A mother has told of her heartbreak and joy after making the agonizing decision to proceed with her pregnancy – despite being told her daughter was ‘incompatible with life’.
Abbey Ahern, 34, who lives in Cashion, Oklahoma, was devastated when she was told at her 19-week scan that her daughter had the terminal illness anencephaly which meant she would not live beyond a few hours.The stay-at-home mother said that carrying her daughter to term was the ‘most difficult thing I have ever done’.
The family spent just 14 hours and 58 minutes with Annie before she passed away. According to the National Institutes of Health, the defect – which means the baby has an underdeveloped brain and incomplete skull – affects around one in 1,000 pregnancies, most of which result in miscarriage. As a result, approximately one in 10,000 babies in the US are born with anencephaly.
Abbey and her pilot husband Robert, also 34, decided to have a live birth so that they could spend time with their daughter and donate her organs – making Annie the first infant newborn donor in the state.Abbey told Daily Mail Online: ‘Carrying a terminally-ill baby to term was by far the most difficult thing I have ever done…’For us, even in the midst of our terrible heartbreak we were able to see so much beauty.
‘The process of donating Annie’s organs has been incredibly healing to me, knowing that my baby has saved lives.’At times she said she felt overwhelmed by the situation but she drew comfort from the support of her husband.
She added: ‘The entire thing felt impossible. If it wasn’t for my husband and our strong support system I believe Annie’s story would have been completely different. Probably much darker.’ Although nobody tried to put them off their decision, Abbey said she was met with some skepticism from family and friends.
From the first moment, we hoped for a live birth and planned a C-section. We wanted a few precious memories with our girl.’No-one tried to change our minds, but whenever I told certain family members and friends, they asked, “Are you sure this is what you want to do?”…’Even my own sisters both told me later that they thought we were crazy for wanting to carry to term,’ she told GoodHousekeeping.com.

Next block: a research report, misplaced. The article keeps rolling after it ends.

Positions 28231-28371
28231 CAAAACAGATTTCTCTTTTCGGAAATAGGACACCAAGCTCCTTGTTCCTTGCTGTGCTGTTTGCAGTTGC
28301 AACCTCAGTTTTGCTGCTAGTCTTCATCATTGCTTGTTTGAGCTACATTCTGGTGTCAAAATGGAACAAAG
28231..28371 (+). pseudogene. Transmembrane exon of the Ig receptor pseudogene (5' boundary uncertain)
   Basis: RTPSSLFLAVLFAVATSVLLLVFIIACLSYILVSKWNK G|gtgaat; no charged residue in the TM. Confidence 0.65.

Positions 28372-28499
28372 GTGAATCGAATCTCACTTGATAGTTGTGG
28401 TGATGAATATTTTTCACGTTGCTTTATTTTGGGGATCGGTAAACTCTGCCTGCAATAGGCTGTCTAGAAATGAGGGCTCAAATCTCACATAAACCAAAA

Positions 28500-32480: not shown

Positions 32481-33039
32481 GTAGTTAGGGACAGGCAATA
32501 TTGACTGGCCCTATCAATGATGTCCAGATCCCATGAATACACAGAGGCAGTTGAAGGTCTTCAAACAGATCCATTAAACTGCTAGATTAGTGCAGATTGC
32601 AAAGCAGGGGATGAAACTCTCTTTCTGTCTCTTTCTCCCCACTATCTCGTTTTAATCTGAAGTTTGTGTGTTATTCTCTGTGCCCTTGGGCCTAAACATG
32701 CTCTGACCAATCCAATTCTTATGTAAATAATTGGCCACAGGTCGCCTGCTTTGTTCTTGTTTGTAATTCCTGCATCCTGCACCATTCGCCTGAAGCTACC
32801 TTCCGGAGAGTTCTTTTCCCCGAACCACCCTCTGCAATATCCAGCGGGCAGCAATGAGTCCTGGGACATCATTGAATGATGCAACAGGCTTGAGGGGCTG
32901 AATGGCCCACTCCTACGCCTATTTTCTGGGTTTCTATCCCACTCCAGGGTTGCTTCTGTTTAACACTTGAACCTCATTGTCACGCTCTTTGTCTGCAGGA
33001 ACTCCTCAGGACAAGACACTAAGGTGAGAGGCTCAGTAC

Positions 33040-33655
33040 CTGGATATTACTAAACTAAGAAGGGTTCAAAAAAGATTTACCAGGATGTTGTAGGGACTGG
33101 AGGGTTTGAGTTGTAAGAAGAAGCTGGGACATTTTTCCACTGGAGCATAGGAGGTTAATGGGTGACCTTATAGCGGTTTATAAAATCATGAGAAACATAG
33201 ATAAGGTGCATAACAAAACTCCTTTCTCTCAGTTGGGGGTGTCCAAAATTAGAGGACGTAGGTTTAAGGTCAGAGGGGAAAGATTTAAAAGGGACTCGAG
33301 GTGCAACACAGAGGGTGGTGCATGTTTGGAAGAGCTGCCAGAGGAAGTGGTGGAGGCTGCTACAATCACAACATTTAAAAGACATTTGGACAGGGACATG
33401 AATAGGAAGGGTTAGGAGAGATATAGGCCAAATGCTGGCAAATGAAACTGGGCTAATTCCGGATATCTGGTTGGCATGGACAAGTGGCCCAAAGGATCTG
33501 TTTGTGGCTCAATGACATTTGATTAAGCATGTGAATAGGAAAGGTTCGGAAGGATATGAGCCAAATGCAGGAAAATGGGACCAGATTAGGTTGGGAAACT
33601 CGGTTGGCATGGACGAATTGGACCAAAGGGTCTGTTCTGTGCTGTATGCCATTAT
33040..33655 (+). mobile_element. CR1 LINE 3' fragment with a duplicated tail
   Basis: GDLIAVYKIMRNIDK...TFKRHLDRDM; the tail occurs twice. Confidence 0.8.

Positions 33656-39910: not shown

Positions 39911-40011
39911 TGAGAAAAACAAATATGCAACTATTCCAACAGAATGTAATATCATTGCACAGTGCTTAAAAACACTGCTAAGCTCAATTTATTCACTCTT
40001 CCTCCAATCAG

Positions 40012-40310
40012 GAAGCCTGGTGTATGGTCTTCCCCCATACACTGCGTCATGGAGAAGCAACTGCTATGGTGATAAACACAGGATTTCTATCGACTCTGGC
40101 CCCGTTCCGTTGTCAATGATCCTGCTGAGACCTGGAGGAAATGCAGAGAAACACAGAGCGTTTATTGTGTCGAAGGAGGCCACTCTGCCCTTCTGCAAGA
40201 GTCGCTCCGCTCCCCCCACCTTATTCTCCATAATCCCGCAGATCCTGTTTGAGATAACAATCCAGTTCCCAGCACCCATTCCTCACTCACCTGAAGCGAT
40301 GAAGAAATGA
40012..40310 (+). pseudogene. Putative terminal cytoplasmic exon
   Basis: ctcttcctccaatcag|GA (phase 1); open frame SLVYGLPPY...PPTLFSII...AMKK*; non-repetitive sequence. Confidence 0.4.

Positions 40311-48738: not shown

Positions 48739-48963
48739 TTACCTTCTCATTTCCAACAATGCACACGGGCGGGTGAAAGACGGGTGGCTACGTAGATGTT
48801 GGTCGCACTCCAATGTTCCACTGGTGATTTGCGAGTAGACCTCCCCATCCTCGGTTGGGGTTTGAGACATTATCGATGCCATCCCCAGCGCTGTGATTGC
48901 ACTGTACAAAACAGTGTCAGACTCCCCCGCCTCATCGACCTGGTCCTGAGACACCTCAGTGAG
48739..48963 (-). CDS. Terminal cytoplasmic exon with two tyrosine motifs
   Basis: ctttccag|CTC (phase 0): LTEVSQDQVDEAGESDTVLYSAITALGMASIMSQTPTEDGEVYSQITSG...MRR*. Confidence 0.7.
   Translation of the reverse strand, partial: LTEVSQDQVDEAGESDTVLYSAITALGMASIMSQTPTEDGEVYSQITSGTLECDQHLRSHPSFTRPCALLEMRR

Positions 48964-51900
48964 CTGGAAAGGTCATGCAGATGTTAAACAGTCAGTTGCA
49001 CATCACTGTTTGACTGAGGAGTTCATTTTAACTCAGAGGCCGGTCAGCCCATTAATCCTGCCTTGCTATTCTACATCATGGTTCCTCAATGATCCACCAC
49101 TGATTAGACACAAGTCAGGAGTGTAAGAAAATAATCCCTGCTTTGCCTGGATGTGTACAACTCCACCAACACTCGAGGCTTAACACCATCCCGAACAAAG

Abbey – who had two older daughters, Dylan and Harper, now seven and five, when Annie was born, and has since given birth to Iva, two – said news of her third daughter’s diagnosis ‘sucked the air right out of my lungs’.She added: ‘I knew what he [the doctor] was saying but I couldn’t really apply it to us or to our baby.’
Afterwards they asked the doctor for the gender of their unborn child and decided to name her on the spot.’Naming our two older girls had been a struggle. But right then, we named her easily: Annie, which means, “grace.” ‘We knew she had a purpose — even though she was not made for this world,’ Abbey said.
During her pregnancy with Harper, she had suffered from pre-eclampsia which resulted in her daughter being born at 33 weeks and spending a month in NICU.Ahead of Annie’s birth they had numerous hospital meetings to plan everything required to ensure that they were able to donate her organs to transplant donor service LifeShare.
Abbey said being asked innocent questions about her pregnancy was agony but she usually tried to answer as if nothing was wrong.She said they did not know how long their daughter would survive, but they knew it would be short.
‘One of my big fears was that I’d be at the hospital and her time would be slipping away, and I wouldn’t have what I needed for special moments, like the hat and booties I knitted for her pictures or a gift for her sisters,’ she said. Their marriage counselor gave them a white dress for Annie to wear which they packed for the hospital with a hat and booties.
Dylan requested that they bring a copy of the Christian book Heaven Is For Real, as told by Colton Burpo to his parents Todd and Sonja, so they could read it to Annie after she was born.Abbey said that before the birth on June 26, 2013 she had ‘such a sense of peace’.
She first became aware of Annie’s arrival when she heard ‘a commotion’ and saw the photographer taking pictures.’She had the mask on and her eyes were full of tears, but she was smiling. I knew Annie was here. ‘She didn’t cry much, but I heard her making noise. They showed her to me, and she was so beautiful,’ she said.